>> The reality is that Chinese firms and government operates together intimately. Nearly all sizable firms have a party secretary that is involved in board level decisions, and steps in when things get political. You can ponder who has the final say.
> No, I get this, but here's the thing: YouTube and, more specifically, it's advertisers do everything that you're accusing China of. There are material consequences if YouTube doesn't keep in line. What this means is that a status quo that pleases advertisers will be maintained.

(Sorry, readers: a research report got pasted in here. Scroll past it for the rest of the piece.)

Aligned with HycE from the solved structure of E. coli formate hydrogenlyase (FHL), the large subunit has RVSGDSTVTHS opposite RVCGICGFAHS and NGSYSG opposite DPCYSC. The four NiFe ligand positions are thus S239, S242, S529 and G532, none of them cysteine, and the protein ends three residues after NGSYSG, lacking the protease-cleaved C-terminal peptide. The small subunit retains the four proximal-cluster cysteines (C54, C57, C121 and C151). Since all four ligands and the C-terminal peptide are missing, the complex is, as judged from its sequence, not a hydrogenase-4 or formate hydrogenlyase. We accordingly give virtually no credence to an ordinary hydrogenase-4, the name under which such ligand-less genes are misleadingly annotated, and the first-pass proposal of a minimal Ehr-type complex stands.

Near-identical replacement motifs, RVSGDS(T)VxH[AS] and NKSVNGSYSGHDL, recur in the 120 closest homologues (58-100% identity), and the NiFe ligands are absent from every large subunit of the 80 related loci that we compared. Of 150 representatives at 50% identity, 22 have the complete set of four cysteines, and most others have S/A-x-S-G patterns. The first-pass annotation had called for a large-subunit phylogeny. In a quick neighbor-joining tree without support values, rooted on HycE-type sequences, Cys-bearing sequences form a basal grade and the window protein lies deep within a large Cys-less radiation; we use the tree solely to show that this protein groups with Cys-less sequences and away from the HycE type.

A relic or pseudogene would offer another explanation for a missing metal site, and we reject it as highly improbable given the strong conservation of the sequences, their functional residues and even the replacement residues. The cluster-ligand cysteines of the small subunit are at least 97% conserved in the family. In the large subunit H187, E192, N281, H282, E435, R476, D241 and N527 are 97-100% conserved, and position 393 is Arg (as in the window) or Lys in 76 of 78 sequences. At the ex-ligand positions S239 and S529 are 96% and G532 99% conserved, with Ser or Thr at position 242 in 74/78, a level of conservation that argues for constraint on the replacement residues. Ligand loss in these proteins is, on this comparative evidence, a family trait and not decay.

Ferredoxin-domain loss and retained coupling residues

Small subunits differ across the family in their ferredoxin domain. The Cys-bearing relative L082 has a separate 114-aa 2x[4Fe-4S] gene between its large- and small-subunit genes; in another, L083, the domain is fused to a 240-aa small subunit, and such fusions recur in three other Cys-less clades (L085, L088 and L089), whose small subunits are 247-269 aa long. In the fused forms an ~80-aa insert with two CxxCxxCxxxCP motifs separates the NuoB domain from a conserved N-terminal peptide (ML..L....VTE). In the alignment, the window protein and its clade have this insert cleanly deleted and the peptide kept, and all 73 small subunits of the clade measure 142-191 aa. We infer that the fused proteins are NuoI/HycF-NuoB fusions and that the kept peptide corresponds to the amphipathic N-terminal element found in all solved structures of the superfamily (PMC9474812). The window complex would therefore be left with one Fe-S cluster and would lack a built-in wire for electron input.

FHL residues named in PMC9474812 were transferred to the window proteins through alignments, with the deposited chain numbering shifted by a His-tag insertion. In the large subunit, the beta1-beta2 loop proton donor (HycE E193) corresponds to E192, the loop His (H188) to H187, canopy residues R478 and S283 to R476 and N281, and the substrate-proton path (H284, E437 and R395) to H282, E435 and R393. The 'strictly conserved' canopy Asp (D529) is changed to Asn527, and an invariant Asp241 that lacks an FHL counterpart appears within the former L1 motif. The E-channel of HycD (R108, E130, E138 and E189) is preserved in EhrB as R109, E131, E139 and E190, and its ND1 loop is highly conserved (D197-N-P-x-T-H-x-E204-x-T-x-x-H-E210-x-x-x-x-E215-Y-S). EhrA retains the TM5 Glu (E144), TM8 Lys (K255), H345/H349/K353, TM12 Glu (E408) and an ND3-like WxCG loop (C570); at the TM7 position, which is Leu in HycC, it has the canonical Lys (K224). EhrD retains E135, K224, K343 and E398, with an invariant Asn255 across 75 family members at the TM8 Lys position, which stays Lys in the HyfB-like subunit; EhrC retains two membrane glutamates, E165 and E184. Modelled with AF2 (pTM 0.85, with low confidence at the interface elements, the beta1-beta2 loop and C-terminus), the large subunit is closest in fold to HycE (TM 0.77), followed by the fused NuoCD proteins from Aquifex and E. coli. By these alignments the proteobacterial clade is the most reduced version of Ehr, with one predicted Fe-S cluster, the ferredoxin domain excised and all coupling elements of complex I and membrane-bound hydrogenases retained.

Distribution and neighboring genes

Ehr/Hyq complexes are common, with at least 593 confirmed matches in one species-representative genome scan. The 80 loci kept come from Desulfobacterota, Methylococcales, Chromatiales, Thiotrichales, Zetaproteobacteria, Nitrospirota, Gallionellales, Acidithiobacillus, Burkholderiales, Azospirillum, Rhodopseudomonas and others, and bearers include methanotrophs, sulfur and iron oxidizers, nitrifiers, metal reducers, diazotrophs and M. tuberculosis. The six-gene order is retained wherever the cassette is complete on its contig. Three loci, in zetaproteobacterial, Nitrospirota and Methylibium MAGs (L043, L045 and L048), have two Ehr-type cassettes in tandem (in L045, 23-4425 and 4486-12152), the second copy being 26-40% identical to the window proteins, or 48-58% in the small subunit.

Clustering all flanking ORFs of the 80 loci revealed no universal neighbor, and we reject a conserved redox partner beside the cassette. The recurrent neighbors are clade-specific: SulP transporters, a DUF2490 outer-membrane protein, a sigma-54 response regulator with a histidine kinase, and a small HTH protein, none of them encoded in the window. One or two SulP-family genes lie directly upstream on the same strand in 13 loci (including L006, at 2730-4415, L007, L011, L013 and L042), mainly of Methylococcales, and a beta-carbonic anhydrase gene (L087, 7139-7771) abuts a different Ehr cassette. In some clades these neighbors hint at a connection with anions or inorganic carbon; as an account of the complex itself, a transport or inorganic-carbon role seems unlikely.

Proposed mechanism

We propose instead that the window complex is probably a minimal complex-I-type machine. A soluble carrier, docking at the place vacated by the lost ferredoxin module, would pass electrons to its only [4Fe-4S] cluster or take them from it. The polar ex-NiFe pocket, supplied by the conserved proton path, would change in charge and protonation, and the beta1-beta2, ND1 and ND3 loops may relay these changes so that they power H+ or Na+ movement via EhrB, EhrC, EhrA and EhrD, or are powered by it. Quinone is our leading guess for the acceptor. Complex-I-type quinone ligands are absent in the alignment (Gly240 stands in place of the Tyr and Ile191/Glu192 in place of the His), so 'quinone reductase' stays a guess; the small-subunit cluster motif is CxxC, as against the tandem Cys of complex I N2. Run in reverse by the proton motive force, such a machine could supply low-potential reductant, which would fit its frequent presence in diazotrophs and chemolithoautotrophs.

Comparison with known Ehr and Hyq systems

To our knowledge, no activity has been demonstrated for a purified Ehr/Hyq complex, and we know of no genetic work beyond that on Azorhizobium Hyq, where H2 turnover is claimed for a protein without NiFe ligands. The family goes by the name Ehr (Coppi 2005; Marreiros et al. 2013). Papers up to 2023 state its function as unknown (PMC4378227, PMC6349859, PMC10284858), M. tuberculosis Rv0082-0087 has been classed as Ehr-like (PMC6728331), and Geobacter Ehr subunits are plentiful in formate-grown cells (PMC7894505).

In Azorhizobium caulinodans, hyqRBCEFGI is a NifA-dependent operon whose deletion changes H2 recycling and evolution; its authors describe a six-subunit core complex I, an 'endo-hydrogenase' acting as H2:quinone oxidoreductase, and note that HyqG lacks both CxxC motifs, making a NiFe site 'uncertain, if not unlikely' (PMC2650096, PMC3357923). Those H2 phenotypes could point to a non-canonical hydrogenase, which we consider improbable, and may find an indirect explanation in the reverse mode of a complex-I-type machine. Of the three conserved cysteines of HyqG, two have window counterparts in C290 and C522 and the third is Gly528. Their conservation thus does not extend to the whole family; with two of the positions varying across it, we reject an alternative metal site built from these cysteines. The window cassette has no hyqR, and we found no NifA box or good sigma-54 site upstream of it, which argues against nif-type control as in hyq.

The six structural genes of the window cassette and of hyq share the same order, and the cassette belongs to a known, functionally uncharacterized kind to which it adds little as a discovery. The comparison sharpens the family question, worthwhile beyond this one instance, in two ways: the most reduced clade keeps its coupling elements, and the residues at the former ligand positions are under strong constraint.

You're basically saying: "YouTube has to please group X, TikTok has please group Y. Since they both have to 'please groups,' they're doing the same things!" That's a flawed comparison, because the the devil is in the details: the relevant differences between group X (YouTube advertisers) and Group Y (the Communist Party of China) get obscured when you're reasoning about such high level abstractions.